The risk of spreading the coronavirus by carriers who don’t, or don’t yet, show symptoms was the impetus behind stay-at-home orders. Now that more people have recovered, uncertainty about how long the virus stays in the body or how long carriers are contagious represents a different challenge: knowing when it’s safe for people who do have detectable antibodies to resume social contact.
“We don’t know if they find virus in your system if you’re still really contagious,” Kass told Yahoo News. “It’s just the idea that you can’t be contagious is off the table.
“The longest anyone has really been contagious with this is probably about five weeks, based on the data we have,” she explained. “And so it’s unlikely that most people who have antibodies are still contagious. But until we have better data we have to act with caution.”
Kass, an emergency room physician in New York City, tested positive for the coronavirus in mid-March. Although she was able to return to work weeks later, Kass continued to stay in a hotel room after her ER shifts. Until she was able to acquire another coronavirus test, she was nervous about returning home and possibly exposing her family to the virus — particularly her son, who had a liver transplant and consequently has a compromised immune system.
“I waited because I knew that having antibodies wasn’t perfectly correlated with the ability to not expose my family,” Kass said.
“For me, in my family, the risk of spreading the virus was so significant that even if I had antibodies, I still couldn’t come home until I tested negative for the virus. When I tested negative for the virus, I moved back home.”
Further complicating the picture are questions about the significance of the antibodies themselves. Doctors believe harvesting antibodies from recovered patients to augment the immune system in those currently infected is a promising approach. But the presence of antibodies in the blood doesn’t necessarily confer complete immunity. And even if they do offer some protection, it’s uncertain how long it lasts. Researchers have established a threshold for donating plasma for therapy: an antibody concentration of at least one part in 320. But it isn’t known what level in the bloodstream actually is necessary to prevent infection.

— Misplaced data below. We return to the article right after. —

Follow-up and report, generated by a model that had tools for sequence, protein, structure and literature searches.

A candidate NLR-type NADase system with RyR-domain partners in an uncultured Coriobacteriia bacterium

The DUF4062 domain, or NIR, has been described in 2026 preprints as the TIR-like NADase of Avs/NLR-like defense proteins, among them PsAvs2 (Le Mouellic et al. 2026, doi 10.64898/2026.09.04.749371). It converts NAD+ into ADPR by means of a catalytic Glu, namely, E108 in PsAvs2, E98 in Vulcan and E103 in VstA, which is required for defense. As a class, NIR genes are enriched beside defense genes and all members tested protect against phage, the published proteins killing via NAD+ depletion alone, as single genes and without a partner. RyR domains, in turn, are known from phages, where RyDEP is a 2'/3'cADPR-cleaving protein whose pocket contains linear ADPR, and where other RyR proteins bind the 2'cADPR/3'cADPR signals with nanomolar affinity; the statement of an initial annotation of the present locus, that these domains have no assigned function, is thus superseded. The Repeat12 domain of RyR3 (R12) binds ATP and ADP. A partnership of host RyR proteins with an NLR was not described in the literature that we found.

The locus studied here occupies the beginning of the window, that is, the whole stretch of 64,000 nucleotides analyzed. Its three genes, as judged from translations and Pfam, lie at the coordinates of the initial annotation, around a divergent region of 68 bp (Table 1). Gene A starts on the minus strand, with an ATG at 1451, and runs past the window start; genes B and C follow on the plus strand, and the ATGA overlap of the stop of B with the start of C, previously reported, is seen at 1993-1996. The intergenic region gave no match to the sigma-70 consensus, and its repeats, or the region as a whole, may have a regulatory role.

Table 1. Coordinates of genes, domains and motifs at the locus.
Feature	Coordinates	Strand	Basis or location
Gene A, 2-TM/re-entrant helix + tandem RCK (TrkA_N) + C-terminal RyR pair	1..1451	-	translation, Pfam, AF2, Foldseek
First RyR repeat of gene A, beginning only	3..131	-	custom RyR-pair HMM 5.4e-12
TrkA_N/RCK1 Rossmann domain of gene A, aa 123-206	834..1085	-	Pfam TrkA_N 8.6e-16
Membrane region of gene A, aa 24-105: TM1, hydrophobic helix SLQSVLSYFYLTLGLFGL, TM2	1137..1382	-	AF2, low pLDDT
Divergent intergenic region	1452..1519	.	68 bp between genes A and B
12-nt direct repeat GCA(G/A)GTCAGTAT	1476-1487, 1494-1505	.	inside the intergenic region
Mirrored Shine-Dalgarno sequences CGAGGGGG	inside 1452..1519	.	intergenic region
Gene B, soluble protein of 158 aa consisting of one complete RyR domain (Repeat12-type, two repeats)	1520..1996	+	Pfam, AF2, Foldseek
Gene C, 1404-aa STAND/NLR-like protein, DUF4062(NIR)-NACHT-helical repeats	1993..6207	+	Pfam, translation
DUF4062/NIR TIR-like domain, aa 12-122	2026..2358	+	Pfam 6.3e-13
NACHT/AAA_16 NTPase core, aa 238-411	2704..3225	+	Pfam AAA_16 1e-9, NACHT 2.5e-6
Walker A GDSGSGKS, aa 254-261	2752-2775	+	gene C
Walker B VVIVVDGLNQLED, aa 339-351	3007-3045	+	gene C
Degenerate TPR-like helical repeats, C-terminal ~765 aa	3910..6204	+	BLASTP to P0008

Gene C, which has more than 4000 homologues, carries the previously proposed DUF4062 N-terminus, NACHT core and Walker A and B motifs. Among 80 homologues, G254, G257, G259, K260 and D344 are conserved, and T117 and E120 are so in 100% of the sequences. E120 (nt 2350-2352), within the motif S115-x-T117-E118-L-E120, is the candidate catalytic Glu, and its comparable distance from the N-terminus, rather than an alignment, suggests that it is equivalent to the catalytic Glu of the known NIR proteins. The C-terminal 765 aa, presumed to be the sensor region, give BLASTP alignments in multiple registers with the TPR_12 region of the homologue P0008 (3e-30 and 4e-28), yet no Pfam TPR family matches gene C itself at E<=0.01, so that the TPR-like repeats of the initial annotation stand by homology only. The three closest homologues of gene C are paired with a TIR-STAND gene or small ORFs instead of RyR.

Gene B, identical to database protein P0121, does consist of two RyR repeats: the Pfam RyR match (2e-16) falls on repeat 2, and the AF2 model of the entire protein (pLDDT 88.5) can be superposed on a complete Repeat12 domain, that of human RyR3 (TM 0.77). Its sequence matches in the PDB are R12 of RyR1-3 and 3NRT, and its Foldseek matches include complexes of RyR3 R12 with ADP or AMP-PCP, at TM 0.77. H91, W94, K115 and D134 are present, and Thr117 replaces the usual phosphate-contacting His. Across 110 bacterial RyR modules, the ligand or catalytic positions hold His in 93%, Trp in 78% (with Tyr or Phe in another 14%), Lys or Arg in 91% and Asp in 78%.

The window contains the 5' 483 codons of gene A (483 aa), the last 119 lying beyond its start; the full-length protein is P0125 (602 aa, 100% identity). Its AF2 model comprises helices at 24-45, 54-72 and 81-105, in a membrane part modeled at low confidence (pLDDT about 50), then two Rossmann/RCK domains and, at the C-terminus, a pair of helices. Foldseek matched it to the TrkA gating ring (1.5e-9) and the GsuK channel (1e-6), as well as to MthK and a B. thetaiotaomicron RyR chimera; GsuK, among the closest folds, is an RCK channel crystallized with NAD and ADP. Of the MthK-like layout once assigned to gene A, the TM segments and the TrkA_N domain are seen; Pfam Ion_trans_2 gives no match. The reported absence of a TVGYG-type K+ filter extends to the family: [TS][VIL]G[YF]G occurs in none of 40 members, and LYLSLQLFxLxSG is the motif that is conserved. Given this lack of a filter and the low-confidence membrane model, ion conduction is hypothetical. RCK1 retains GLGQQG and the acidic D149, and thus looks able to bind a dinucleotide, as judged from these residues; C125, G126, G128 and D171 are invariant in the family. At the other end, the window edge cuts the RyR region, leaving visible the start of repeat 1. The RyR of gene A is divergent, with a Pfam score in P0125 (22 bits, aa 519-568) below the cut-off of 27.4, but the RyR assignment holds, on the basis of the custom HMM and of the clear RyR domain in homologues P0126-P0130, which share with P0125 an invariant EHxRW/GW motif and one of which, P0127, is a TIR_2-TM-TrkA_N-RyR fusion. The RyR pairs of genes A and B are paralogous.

“There’s a lot of work being done on whether or not a certain level of antibodies actually does correlate with immunity, but we don’t know that yet,” Kass said.
While testing negative for the coronavirus, following a positive test, can provide some peace of mind, the testing system in the United States isn’t robust enough for everyone who tests positive to also receive a second test confirming that they no longer have the virus. Only 4.9 million tests have so far been conducted in the U.S., according to Johns Hopkins University. And Kass said that for now, simply identifying who has the virus is more important than retesting recovered patients.
“We don’t have the capacity right now to screen test and also screen people back to negative before they go back into their community. We may have that later on as we scale up testing and have fewer cases,” she said.
“The most important thing we need to do in all the cities in America and every state in America is figure out where the infection is so that we can keep track and trace and isolate those communities away from spreading it to other people. That’s definitively the priority.
“Everything else, whether it’s antibody testing or testing negative, becomes almost secondary to that.”
Click here for the latest coronavirus news and updates. According to experts, people over 60 and those who are immunocompromised continue to be the most at risk. If you have questions, please refer to the CDC’s and WHO’s resource guides.